I figured out at a young age that through songwriting I could say anything I wanted, no matter how personal or extreme. All I had to do was remove a few words here and there so that the lyrics didn’t totally expose my heart.. Still the words say a lot and I think the simplicity leaves more room for others to relate, and keeps the songs private and personal for me which adds to the energy of my performance.
Back to San Fran, how did you find yourself with The Ark and what exactly is it?
The Ark was a collective located in a SoMa warehouse. Cristian brought me there. (Cristian run’s Calar Music, put out our first record, and is doing the Vinyl release of Pilot Electric.) I ended up in Delores park at the tail end of a three-day party. One friend introduced me to him and another prompted me to play a song on his guitar.. I happily obliged and he listened. Even then he believed in me – before I found my voice, and before I believed in myself. He brought me to The Ark. I fell in love with it. All these people from different parts of the world practicing different mediums.
We did some of my early recordings there and soon after I joined the Family Folk Explosion they invited us to move in.
What’s an interview without speaking of influences… Who would you say you’ve modeled your direction after the most? (And, does it change as your music does?)
I see (and hear) them on a regular basis and they push me to be better.
How did Annie Girl and the Flight come to be?
I’d been playing with the Family Folk Explosion, more of a meeting of the mind’s then a band.. It had three main songwriters – Mark Matos, Matthew Welde and myself. They both had bands separate from the FFE and The Flight spawned out of that situation.
Joe and I had already been playing together in FFE and I’d see Josh performing with various bands around town. I’d never heard anyone get a guitar to make the sounds he does and was totally wowed every time I saw him. We ended up playing in the same band at GAMH (Mark Matos and OS Beaches) and I eventually got up the nerve to ask him if he wanted to play with us.
Then I got to share a bill with one of my favorite musicians Emily Jane White. We exchanged albums and Nick (her boyfriend who she lives with, who also plays with her but wasn’t at that gig) heard it at their house, ran into Joe who said we were looking for a drummer and that was it.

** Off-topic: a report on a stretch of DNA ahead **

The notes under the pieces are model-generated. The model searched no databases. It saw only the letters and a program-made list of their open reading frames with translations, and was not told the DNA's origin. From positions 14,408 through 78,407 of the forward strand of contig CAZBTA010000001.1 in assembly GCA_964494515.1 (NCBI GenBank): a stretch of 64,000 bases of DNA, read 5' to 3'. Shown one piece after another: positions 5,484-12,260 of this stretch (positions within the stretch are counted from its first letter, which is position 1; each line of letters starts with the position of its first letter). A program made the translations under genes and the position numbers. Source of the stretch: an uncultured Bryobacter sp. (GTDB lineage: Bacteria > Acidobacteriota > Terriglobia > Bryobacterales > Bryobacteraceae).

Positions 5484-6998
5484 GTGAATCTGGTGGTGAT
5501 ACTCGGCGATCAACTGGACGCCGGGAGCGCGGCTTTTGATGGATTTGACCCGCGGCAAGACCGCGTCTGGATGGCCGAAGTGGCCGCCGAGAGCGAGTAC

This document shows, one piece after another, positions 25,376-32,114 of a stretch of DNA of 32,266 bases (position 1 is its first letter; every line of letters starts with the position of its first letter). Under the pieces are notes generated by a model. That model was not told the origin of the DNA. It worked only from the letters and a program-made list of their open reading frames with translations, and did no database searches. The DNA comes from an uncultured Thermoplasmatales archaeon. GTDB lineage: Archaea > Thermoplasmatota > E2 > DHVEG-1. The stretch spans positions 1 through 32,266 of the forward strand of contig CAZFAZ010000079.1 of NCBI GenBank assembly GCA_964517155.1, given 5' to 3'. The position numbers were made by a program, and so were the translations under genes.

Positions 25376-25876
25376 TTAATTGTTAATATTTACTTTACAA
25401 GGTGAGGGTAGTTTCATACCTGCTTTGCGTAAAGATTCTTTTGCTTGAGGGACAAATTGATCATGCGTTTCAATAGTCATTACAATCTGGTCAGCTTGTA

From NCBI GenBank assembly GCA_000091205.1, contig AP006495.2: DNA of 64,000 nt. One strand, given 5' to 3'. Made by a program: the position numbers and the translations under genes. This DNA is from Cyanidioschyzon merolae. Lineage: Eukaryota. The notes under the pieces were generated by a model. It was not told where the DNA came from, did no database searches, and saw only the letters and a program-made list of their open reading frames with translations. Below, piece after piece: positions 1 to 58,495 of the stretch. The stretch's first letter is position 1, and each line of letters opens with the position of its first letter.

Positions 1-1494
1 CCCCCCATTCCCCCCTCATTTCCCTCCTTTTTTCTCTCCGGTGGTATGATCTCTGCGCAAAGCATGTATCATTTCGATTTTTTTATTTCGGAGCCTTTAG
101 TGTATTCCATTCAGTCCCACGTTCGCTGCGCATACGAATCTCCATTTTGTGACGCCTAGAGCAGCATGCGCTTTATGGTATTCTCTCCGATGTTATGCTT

You have a new release coming out, why did you decide to release an EP? Do you dislike long albums?
Not at all! Each record is a story and this one just happened to be short.
Superbly laid out arrangements. I have to ask how much is how you envisioned them during writing and how much is studio hashing?
We knew most of the songs well before going into the studio but they changed a bit once we were in there.
With your last release you had some pretty good critical admiration. Am I safe to assume that none of that affects the way you work on new material?
Yeah, the songs are just me purging bottled up feelings or weird thoughts I’ve been pushing away or holding onto – it’s a mix of both.
You could easily make mainstream pop albums or ride the wave of the neo-folk scene, has it ever crossed your mind to go for the bucks over making what’s personally right? And/or what do you think of the current state of the music business?
I’m terrible at containing myself categorically and have failed to do so in most areas of my life… Keeping things in is not my forte. Recently I started this side project called Dooms Virginia for the other half of my songwriting-self and will probably release something under that moniker before the end of the year..
As for the music industry – it’s a wild west.
How much of your life do you hope always stays a mystery?